Then we moved on to our tortas. Aaron ordered the Ahogada(pork carnitas), I ordered the Pepito(braised shortribs) and Brock got the special of the day Goat Barbacoa. All were amazing, but I think I liked the Ahogada the best. The great thing about going to lunch with close friends is that you can share your food… which we did.

The Ahogada:

Lunch with friends wouldn’t be complete without a plate of freshly made churros with house made chocolate dipping sauce.

Hot and sour soup

After having some amazing Tom Yum soup recently, I have been wanting to make a hot and sour soup. I found this simple recipe and have been wanting to make it for about two weeks. I finally got around to  making it this morning. It was awful. I took one spoonful and nearly spit it out. Brian was able to choke down a half of a bowl, but I wasn’t nearly as brave. I am going to go ahead and post the recipe even though we didn’t like it because it had a 4.5 star rating out of 5 by 30 reviewers. So, maybe you’ll like it.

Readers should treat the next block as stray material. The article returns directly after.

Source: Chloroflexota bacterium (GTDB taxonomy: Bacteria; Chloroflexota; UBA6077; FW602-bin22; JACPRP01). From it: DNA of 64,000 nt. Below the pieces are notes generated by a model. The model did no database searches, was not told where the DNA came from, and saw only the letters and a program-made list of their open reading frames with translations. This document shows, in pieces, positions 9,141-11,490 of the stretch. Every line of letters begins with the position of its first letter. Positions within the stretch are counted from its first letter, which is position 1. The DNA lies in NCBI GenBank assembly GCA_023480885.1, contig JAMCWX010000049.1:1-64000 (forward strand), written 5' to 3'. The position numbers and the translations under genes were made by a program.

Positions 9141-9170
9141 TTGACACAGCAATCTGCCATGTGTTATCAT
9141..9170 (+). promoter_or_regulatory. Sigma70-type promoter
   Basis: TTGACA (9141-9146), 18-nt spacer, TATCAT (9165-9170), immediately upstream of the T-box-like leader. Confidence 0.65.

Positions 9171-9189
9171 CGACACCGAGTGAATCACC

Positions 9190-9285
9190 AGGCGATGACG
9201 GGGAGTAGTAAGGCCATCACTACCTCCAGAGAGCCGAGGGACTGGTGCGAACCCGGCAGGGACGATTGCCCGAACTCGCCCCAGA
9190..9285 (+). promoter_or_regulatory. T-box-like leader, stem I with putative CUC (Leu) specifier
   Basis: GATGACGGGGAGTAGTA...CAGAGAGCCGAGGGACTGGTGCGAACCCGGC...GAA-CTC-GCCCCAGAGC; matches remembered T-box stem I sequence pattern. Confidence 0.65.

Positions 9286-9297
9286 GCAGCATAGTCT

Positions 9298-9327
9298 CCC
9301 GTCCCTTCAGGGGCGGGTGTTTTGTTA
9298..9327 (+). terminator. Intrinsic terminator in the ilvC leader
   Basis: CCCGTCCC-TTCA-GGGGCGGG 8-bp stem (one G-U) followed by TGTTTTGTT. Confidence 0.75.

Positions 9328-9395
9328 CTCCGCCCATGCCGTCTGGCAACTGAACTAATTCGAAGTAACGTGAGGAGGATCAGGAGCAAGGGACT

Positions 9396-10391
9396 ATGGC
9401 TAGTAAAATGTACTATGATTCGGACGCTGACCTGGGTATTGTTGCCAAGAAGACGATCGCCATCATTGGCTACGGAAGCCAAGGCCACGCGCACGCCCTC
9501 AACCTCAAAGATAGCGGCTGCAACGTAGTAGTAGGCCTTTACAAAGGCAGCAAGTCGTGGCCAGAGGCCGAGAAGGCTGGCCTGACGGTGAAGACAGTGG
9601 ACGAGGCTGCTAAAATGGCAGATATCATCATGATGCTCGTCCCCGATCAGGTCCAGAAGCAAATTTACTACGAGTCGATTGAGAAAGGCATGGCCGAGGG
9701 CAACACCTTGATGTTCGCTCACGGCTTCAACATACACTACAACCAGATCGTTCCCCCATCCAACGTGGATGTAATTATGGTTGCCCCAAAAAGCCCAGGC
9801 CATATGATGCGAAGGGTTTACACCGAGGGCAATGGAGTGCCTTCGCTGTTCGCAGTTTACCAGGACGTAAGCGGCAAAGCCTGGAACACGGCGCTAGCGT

Adapted from weightwatchers.com:

Start by soaking a 2oz package of dried shitake mushrooms in warm water for 30 minutes.

After 30 minutes, remove mushrooms from water, remove stems and thinly slice.

In a soup pot, combine:

  • 4 cups fat-free chicken broth
  • 2 T rice vinegar
  • 2 tsp Asian hot sauce or chili paste
  • 1/3 cup bamboo shoots sliced
  • sliced shitake mushrooms
  • 1 T soy sauce
  • 9oz firm tofu diced